Categories: GIS Data

First Satellite Images from Sentinel-2 Delivered

Four days after its launch, the first images from Sentinel-2 have been delivered.  Covering an area from central Europe and the Mediterranean, ending in Algeria, images from the satellite is part of the Copernicus environmental monitoring program.  Designed as a twin satellite system, Sentinel-2A and Sentinel-2b (which will launch in 2016) will provide high resolution optical images as part of the five satellite Sentinel mission.  The Director of ESA’s Earth Observation Programmes, Volker Liebig, commented, “Sentinel-2 will enable us to provide data for the programme’s land monitoring services and will be the base for a wide spectrum of applications reaching from agriculture to forestry, environmental monitoring to urban planning.”  The first satellite in the mission, Sentinel-1A currently captures all-weather, day and night radar images.


The satellite’s imager contains 13 bands covering visible and the near infrared to the shortwave infrared a varying resolutions.  The earth observation satellite is also able to capture three bands in the “red edge” which is important for sensing information on vegetations states.  The first images from the satellite showed a range of landscapes capture at 10 meter resolution such as the urban areas of Milan, Italy to the French Riviera.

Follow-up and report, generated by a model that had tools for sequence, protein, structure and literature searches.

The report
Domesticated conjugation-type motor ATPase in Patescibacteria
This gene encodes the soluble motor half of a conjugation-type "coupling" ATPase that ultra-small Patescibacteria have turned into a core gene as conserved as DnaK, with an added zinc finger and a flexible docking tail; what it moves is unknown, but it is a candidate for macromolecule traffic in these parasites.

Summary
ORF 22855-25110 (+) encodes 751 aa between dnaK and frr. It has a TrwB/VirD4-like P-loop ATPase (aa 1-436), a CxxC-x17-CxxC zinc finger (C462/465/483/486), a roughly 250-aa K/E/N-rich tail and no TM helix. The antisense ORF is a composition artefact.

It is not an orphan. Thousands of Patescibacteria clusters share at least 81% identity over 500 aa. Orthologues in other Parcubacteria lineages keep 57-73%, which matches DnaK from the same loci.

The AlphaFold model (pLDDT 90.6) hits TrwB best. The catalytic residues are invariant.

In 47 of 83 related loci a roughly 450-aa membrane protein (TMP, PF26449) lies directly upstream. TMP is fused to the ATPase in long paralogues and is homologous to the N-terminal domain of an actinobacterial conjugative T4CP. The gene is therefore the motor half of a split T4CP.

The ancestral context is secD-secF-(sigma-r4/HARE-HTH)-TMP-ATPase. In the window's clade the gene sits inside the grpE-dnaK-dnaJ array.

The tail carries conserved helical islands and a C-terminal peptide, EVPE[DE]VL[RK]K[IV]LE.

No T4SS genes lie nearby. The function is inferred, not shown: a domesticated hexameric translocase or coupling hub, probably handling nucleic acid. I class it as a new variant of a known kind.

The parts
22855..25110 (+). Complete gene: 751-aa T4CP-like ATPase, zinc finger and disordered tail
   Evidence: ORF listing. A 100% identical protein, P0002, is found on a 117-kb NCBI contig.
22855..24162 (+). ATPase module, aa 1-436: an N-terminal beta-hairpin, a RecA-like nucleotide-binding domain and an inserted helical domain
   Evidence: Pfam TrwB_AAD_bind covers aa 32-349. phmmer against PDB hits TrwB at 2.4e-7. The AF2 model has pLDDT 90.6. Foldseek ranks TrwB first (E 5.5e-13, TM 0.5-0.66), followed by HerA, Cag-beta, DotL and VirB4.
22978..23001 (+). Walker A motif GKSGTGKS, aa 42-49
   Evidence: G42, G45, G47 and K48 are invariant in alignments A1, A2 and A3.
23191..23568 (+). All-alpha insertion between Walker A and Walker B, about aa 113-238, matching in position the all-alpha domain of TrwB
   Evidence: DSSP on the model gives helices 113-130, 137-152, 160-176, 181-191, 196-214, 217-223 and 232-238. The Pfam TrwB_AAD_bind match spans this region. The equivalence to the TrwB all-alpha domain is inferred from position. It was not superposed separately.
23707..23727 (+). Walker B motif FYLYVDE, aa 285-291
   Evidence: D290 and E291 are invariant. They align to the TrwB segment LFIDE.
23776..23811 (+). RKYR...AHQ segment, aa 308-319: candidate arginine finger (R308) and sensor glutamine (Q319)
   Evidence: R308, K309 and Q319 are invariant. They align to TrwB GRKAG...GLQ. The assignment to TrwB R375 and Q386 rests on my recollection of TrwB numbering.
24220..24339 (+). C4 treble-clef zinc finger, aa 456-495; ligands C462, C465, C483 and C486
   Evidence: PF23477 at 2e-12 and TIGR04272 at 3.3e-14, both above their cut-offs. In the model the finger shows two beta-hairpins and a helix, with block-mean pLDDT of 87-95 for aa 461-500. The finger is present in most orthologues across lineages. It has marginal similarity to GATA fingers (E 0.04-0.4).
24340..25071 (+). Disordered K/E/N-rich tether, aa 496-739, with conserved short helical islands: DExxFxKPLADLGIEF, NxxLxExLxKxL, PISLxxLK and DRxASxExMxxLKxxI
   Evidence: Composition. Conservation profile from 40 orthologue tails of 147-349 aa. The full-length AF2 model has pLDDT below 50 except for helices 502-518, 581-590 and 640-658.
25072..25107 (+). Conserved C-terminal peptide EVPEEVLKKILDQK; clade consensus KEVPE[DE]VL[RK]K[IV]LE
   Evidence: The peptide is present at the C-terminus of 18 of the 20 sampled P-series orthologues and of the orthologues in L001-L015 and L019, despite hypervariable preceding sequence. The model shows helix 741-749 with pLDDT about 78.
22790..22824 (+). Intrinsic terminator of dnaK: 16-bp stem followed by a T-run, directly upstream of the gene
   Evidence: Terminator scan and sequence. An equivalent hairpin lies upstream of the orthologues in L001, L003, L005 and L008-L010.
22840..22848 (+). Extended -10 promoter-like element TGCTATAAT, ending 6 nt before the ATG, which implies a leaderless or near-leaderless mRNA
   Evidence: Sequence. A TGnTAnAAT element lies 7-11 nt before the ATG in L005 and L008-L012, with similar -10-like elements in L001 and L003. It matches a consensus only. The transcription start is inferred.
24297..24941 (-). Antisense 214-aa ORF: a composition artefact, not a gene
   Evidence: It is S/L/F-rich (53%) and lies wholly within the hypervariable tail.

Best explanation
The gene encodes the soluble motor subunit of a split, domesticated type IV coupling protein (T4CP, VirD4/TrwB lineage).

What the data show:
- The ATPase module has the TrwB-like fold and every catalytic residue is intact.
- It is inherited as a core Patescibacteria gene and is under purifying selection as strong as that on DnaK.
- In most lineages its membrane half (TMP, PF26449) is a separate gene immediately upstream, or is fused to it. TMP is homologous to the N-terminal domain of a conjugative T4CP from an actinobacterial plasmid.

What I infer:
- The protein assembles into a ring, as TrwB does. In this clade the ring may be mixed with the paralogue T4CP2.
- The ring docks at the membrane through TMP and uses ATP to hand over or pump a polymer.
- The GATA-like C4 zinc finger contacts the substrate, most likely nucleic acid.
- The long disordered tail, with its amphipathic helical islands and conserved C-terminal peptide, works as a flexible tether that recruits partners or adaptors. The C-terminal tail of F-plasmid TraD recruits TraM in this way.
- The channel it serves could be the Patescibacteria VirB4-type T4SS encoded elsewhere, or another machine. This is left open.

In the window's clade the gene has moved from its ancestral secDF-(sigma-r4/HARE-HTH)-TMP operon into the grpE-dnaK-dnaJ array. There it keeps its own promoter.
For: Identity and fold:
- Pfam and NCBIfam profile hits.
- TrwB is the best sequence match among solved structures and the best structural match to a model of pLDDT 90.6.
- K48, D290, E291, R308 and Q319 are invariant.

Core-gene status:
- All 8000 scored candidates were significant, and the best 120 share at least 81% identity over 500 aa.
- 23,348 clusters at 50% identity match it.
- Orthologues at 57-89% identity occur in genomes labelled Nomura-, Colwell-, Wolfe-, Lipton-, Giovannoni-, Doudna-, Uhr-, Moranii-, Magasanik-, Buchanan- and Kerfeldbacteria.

Acquired on 27 June 2015 at 10:25 UTC (12:25 CEST), just four days after launch, this close-up of France’s southern coast from Nice airport (lower left) to Menton (upper right) is a subset from the first image from the Sentinel-2A satellite. This false colour image was processed including the instrument’s high-resolution infrared spectral channel. Source: Copernicus data (2015)/ESA

The European Space Agency will be providing free and open access to data from all of the Sentinel satellites.

More: Sentinel-2 Delivers First Images – European Space Agency

Acquired on 27 June 2015 at 10:25 UTC (12:25 CEST), just four days after launch, this first image from Sentinel-2A covers the Po Valley, framed by the Alps in the north and the coastal mountains of France and Italy in the south. Source: Copernicus data (2015)/ESA

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